Imagine removing a “live person” in the following situation: Let’s say there is a wonderfully intelligent video program that acts as and replaces a teacher in a classroom. Effectively removing a “real live” teacher, and replacing them with technology. We now have videos based on the fundamentals of education to teach your child from kindergarten to college graduation.

While in theory this could work, it most likely would not work for everyone. If circumstances were perfect — every student full with a good night’s sleep and eager to learn — then everyone in that classroom could potentially do well.

However, we all know that’s not how life works. What happens when two children get into a fight, or one falls asleep because they stayed up too late? What about the child who has parents fighting at home and can’t focus? These are issues that can’t be addressed and corrected for by a digital video screen that teaches reading and math.

While this might sound unrelated to the investment industry, it’s actually very similar. A financial advisor or planner is there to teach, guide, and coach their clients though the most straightforward and complex times of life.

When the market starts acting up, it’s easy to get distracted, get off track, and make bad investment decisions. For most people, money (especially our life savings) is very much tied to our emotions. So when we become concerned about the world, the stock market, or a particular life event that impacts our financial situation, I believe that humans will need more than just an algorithm to turn to.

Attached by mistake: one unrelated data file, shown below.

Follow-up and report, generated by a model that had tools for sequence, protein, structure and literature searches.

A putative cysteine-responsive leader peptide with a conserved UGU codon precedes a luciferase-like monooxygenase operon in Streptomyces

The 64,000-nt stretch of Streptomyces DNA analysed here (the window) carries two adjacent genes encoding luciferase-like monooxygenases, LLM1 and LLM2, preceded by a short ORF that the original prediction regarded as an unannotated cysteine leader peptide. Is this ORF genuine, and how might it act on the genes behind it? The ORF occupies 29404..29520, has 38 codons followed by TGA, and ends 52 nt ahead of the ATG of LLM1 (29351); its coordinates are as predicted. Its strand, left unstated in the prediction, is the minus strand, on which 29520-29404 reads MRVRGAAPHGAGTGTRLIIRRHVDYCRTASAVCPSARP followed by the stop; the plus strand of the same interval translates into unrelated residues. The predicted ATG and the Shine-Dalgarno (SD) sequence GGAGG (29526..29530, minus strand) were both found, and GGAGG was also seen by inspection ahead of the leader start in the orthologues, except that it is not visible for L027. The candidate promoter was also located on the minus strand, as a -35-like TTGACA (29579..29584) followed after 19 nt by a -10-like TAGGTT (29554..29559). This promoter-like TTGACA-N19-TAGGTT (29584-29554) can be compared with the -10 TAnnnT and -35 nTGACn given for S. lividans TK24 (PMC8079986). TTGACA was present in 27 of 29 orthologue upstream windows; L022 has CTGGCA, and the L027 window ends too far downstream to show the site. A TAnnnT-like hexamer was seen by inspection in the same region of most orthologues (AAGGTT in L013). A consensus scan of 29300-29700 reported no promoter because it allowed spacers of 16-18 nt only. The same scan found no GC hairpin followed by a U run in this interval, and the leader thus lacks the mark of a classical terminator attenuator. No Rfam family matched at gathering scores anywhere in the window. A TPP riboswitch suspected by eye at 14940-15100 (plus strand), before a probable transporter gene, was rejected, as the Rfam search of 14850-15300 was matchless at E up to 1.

That being said, the robo-advisory industry isn’t going away. Going back to my teacher analogy, I’d say that we’ll be learning from interactive videos on a big screen, but we’ll still need a teacher in the classroom.

My company actually launched a program named Wela more than five years ago. In the past two years our team has been building Wela to compete with the newly emerging players from Silicon Valley. We’re not working to raise hundreds of millions of venture capital dollars to promote it, but instead we’re just trying to raise awareness in our local Atlanta market.